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June 23, 2010

Harper hijacking the Native agenda

The Canadian Charger

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Who speaks for native Canadians? Chief Kenny Blacksmith appears to be a candidate, albeit self-anointed. He organized the National Forgiveness Summit held in Ottawa from June 11 to 13, and he served as master of ceremonies at the event.

There were some sparkling performances, with a grand entrance of warriors, women, and children, a variety of dances, and loud music.  However, there was also another agenda.  It is unclear who paid for this three-day extravaganza, but one can make some guesses.  

The front row of the event was heavily populated with Tory MP’s.

The Summit cost a lot less than a serious effort to eliminate native malnutrition, dilapidated housing, unclean water, and poverty. 

Cindy Blackstock, Executive Director of the First Nations Child and Family Caring Society of Canada, charges that child welfare agencies on reserves receive 22% less money than off-reserve child welfare agencies. 

For that reason, a complaint has been lodged with the Canadian Human Rights Tribunal. 

The Harper Tories agreed to give qualified support to the UN Declaration on the Rights of Indigenous Peoples.

Yet, when that matter was raised before the Tribunal, Attorney General Rob Nicholson argued that the Declaration “is non-binding, has no legal effect in Canada and that its provisions do not represent customary international law.”

During the procedures at the session, a Charter of Forgiveness was given to Chuck Strahl, Minister of Indian Affairs and Northern Development.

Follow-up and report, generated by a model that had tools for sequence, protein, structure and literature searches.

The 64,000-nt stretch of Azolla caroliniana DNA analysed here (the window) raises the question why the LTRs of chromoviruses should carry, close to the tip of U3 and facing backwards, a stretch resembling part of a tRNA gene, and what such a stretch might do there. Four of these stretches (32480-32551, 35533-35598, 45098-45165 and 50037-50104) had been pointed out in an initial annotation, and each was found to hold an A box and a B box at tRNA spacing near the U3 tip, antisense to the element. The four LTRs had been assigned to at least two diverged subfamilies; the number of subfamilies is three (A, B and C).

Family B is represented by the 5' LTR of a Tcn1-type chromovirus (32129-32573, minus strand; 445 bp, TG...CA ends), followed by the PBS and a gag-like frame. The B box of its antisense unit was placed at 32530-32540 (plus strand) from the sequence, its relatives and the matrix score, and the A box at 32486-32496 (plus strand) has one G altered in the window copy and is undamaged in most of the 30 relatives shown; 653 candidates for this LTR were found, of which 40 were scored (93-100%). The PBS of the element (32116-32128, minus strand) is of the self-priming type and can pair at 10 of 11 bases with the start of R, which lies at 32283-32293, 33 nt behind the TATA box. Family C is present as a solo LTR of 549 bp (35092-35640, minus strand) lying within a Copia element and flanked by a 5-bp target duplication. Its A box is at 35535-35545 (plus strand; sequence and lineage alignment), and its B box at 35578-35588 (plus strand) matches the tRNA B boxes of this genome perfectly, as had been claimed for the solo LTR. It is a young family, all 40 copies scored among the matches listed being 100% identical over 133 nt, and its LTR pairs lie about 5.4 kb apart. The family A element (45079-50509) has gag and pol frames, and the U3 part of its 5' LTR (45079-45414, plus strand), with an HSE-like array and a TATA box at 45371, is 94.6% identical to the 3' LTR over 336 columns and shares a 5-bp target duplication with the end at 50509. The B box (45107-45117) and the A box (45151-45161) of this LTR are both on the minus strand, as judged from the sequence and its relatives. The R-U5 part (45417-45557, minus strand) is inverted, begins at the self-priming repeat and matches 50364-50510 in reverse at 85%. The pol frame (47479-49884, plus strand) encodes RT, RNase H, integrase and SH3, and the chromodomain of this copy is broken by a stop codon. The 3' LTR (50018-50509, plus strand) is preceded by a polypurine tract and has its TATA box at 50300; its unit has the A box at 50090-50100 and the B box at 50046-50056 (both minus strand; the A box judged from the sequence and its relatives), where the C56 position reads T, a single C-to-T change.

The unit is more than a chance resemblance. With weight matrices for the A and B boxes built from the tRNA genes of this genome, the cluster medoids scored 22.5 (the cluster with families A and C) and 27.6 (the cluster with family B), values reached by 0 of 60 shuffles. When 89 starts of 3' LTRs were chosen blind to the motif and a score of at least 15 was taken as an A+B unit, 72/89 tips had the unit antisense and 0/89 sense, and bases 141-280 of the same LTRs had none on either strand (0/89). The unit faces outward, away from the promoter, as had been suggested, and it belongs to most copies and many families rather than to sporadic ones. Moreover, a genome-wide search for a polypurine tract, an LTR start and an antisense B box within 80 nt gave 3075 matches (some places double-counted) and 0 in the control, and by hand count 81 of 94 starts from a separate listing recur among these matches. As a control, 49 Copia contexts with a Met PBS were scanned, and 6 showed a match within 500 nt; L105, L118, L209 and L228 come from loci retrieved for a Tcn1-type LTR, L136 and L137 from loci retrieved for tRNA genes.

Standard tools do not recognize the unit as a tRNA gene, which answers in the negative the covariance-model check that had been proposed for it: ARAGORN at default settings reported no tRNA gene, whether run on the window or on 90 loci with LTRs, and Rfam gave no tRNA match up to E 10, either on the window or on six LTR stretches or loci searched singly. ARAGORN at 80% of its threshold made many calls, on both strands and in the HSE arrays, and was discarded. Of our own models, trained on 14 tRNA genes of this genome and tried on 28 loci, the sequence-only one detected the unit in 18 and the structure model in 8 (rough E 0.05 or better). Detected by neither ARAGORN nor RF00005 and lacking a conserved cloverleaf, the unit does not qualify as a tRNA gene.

The Charter is in response to Prime Minister Harper’s apology for the residential schools two years ago.  A feathered headdress was placed on his head and a variety of gifts were presented to him for the Prime Minister.

Blacksmith’s message was that the solution to native people’s difficulties lies not so much in money as in relationship. 

That relationship with the government is a matter for individuals and coalitions of individuals.  It appears to suggest that his movement is such a coalition, as opposed to existing native organizations. 

He is an Evangelical preacher, and it showed.

The main event opened with Christian prayer, and there were Christian testimonials throughout, with Indian leaders from different tribes who “found Jesus”. 

While Statistics Canada finds that around two-thirds of native Canadians are Christian, that leaves a third who are not. 

Many of these adhere to an aboriginal belief system.  Buffy Sainte-Marie is a Bahá’í.  An imam once related that he was told to go back to where he came from, a demand that he found incongruous because his grandmother was a Mohawk. 

The National Forgiveness Summit was a gathering that had no place for a native non-Christian religious presence. What change was called for? From the natives, not the government, it appears.

Forgiveness was proclaimed without any call for dealing with the appalling conditions in which Indians, Métis, and Inuit live, in large part because of the Canadian government’s past behavior, present lack of action, and because of the residential schools and their aftermath. 

The Evangelical message comes through clearly on the web site, with a link to a report of First Nations people going on a trip to Israel, seen as vitally important because—it was said—we are in the Last Days. 

That is Christian Zionist talk. 

According to this theology, the world as we know it is soon to end in a great battle at Armageddon in Israel, a battle between good and evil.  Good will vanquish evil and the Second Coming of Christ will occur.  This event, so the story goes, requires a return of all Jews to Israel for the final act.  Hence, the Zionism.

Kenneth Deer was recognized this year with a National Aboriginal Achievement award for his work in journalism. 

He is founder and past editor of the Kahnawake newspaper The Eastern Door.  During his editorship, the paper was a staunch supporter of the Palestinian cause.  The support for Palestine is easy to understand.

Like the Palestinians, the native Canadians were occupied by foreign, technologically more advanced, newcomers. 

There would be no place on the stage of a Blacksmith extravaganza for Deer or for Buffy Sainte-Marie.

On the other hand, there might be a place in the Senate for Blacksmith.  Not for Deer or Sainte-Marie.

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On July 7, 2024 in Toronto, Canada, Dimitri Lascaris delivered a speech on the right to resist oppression.

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